Writing an admission essay to Harvard technically is not much different from writing an admission essay to any other college in the world. Some may even think that it’s easier than in other places as Harvard is famous for having the most open-ended essays. But do not be fooled by the seeming simplicity of this task and underestimate the importance of the admission essay to Harvard. In fact, most Harvard students would agree that the admissions essay was the hardest part of their application. So why is that?
First and foremost, Harvard is among the top colleges in the world, and its academic approach, inside the spirit, and the admissions process are all meant to select and nurture the best out of the best candidates. In your application, they are looking to find out in which ways you are special and why you deserve the chance to study at Harvard.
That said your essay has to have something that will set you apart from thousands of others.
Your grades, high school achievements, and scores are all important, but the essay is your chance to bring more life into your application, sort of to make it multidimensional as opposed to one-dimensional grades part of your application. Besides your high achievements, perfect records – all clearly visible in your grades, in the essay you need to show them your motivation, that you have an original and creative mindset, that you can explain yourself in an exquisite yet concise and clear manner. By understanding the impact a strong essay can have on your overall application success, you will start to view the essay as an opportunity, not an obstacle.
There is no fault-proof recipe for a successful Harvard essay, as what worked for others will not necessarily work for you. At the same time, hundreds of examples of essays available in books and online sources are all open success stories that have the power to inspire you, as well as to bring many useful tips on how to make your own application essay a success.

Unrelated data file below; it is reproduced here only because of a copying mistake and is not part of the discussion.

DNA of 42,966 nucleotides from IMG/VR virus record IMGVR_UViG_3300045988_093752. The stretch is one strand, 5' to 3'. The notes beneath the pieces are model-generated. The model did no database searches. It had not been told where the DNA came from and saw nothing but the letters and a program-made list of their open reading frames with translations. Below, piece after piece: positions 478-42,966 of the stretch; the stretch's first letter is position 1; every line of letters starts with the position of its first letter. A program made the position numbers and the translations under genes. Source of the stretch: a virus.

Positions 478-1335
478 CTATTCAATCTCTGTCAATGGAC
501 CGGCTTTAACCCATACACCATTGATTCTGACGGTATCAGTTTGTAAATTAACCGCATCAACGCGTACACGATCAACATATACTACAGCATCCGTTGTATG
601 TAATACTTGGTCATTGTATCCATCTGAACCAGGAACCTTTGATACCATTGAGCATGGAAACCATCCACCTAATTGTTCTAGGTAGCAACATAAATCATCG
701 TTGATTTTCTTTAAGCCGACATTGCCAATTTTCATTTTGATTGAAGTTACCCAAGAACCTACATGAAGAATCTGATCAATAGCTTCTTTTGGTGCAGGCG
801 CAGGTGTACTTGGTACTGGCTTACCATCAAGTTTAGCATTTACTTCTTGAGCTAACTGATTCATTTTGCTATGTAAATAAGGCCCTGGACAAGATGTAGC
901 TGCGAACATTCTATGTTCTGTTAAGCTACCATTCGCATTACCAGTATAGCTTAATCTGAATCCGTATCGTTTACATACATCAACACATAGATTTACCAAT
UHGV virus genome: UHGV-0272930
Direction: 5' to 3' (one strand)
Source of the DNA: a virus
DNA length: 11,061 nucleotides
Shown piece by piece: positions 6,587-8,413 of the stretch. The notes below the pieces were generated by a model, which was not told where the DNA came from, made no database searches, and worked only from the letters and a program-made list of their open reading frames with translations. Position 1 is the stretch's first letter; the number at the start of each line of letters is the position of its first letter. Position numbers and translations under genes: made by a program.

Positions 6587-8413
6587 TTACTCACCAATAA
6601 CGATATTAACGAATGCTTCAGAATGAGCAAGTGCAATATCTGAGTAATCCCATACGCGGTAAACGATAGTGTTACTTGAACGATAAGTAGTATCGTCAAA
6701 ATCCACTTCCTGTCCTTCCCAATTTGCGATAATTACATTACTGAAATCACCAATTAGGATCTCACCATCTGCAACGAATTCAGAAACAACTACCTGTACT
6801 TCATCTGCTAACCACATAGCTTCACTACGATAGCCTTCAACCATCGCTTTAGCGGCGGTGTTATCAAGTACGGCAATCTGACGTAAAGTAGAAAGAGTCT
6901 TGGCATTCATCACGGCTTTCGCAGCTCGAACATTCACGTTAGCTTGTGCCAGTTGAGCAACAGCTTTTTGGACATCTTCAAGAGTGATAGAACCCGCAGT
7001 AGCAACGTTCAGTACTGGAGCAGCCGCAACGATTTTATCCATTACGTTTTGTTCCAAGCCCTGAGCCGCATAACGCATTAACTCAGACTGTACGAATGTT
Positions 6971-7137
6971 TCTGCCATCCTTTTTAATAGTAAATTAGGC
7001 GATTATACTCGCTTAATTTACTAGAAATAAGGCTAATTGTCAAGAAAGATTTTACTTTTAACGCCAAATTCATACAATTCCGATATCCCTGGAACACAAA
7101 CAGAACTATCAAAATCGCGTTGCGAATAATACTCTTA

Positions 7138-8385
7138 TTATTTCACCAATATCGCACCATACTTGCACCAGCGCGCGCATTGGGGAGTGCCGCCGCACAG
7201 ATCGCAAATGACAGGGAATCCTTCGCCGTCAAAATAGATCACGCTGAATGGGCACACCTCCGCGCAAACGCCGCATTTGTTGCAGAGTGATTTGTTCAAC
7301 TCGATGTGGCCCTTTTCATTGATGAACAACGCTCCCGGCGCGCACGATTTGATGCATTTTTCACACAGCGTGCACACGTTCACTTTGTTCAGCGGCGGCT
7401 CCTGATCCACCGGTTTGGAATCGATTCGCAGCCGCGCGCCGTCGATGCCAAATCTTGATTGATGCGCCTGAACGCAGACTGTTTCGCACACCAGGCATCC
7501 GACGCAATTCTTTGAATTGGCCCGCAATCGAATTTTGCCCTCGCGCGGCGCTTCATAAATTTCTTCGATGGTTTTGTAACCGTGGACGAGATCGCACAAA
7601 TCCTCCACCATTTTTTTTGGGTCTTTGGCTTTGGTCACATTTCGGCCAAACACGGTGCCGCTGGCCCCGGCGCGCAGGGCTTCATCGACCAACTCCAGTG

Below are a few examples of successful Harvard applicants, now students, with a particular focus on what made their essays special:
– Marshall, now a student of Environmental Science and Public Policy, wrote in his essay about the dichotomy between the two characters that live inside himself. That approach helped him to reveal a level of personal depth that otherwise falls unnoticed in his application. He described the two halves of his intellectual curiosities that shape his ambitions for the future: one with scientific aspirations, love for data analysis, more down to the ground, and the other with a keen interest in public life, world politics, leadership, and all those qualities that are often called soft skills.
– Phillip, majoring in Computer Science and Linguistics, chose a simple success story, of his experience working with children at a public speaking camp, that perfectly highlights his personal growth. His story has a complete narrative arc, with a definite beginning, middle, and end. Phillip describes a distinct set of opinions that characterize each phase of his short teaching career, illustrated with colorful descriptions of typical moments for each.
– Janice, a student majoring in Neurobiology, was very creative in her essay to show her deep understanding of the core family values that she grew up observing in her Chinese culture. A core strength of her essay is the way it demonstrates Janice’s personal growth. It shows Janice starting at a place of guilt for only professing her love to her grandmother once, and then ends with her realizing that love is expressed differently in her family. By the intimate details that Janice provides about her childhood, such as her mother caring for her when she was sick, the reader gets a true sense of what type of personality she is and where she comes from.